At first see if you can bring your attention to just one or two at a time or try checking in with different diaphragms as you breath.  With practice, you will be able to open your attention to all of the diaphragms at once.  Just be sure you aren’t forcing your breath, either breathing harder or speeding your breath up or slowing it down.  Just let it flow naturally in response to the effects of your attention on the bandhas.

The overall effect of this exercise is that it will begin to feel as if your whole body is breathing, as if your lungs extend all the way from your fingers, to your toes and out to the top of your head, every cell expanding and contracting.  If this is easy, try the exercise sitting or standing. I hope you enjoy the experience.

A word of caution.
Big emotions can often come up when working with the breath.  If you begin to feel overwhelmed or even just light headed, take a break, this exercise should ideally make you feel more connected to yourself and more at ease.

Does Hellerwork Structural Integration Last?

I recently received this email from someone interested in the Hellerwork series. I often hear questions about whether Hellerwork can change the body in a lasting way, so it seemed worthwhile to post my response. If you’ve considered the Hellerwork series, but aren’t sure if the series will make a lasting difference in your body, this is for you.

Dear David -
I am considering seeking Hellerwork therapy but have couple of questions: How lasting are the effects from the 11 session Hellerwork protocol? I understand the concept of reshaping the muscle tissue and fascia – but isn’t my body essentially the by-product of my gentics? Meaning what I see is what I get – right? I have a hard time believing that any of the changes can be truly lasting without utilizing Hellerwork therapy through a practioner continually for the rest of my life – Yes call me pessimistic (many people do) but I do not want to set blind expectations on the 11 session protocol as a cure all.

Can the effects be maintained through specific exercises that I can employ after completing the 11 week therapy?


It’s a great question you’re asking, so I’m going to give you the long answer. A lot of people coming to me for the series have the same questions.

So to your question…
Yes, to some extent your body is a result of your genetics. Your genes determine what is possible for you to become. My feeling is that DNA is given far too much responsibility for shaping the human experience in our culture. One way to think of it is that the DNA in your cells is the book collection of your bodies library. It determines what information is available to be read, while you, and the forces acting on you as the library patron determine what gets read in the language of the body.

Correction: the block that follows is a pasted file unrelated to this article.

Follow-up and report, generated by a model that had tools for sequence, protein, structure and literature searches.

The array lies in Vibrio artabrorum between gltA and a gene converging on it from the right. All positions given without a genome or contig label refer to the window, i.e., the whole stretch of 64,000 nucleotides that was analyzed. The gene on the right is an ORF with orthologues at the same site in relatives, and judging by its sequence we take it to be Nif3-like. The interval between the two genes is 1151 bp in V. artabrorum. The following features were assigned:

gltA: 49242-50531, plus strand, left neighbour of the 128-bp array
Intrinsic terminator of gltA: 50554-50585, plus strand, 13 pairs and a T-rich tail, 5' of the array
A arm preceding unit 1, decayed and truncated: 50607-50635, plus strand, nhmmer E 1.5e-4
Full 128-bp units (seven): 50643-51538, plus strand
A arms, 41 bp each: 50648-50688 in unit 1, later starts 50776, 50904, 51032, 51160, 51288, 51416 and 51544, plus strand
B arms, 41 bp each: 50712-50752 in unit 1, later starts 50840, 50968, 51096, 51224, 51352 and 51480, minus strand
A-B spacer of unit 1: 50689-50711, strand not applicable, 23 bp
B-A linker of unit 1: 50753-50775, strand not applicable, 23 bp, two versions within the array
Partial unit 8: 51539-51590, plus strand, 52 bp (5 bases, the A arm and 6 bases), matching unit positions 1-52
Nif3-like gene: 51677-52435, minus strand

Here’s another example you might relate to: when you have an injury to your left ankle lets say, and you start to favor your opposite leg, your fascia is rearranged over a short period of time, weeks or months, and successive layers of tissue build up around that adaption. We call that a limp. It is no more difficult to rearrange the tissue, over weeks or months (11 weeks in the Hellerwork series) to undo that adaption and balance your weight over both legs. The Hellerwork series is a systematic process designed to undo the majority of those injuries and your compensations for them in a short period of time. After the series, many things can happen that change your body both to create possibilities for greater movement or to make movement more difficult. But whatever happens in your life after your series, the balance created by your Hellerwork experience will help you to have a greater capacity to deal with whatever comes your way. It’s like setting back the clock. Will it last forever? Of course not, and neither will you. Life happens to us and through us. We respond to our experience in ways that shape us daily. Can it change your life? Most definitely.

I’m sure you have some postural habits you’d like to undo but that feel hopelessly ingrained. There are plenty of kids in my neighborhood who adopt a limp to look tough and to some extent we all change our posture to express ourselves in a certain way. Hellerwork is primarily an educational experience. I can’t take your postural habits away from you, but what I can do is give you options for how to move with more ease, realign your connective tissue to support more ease and help you to become more aware of how the way you carry yourself effects how you feel and even think.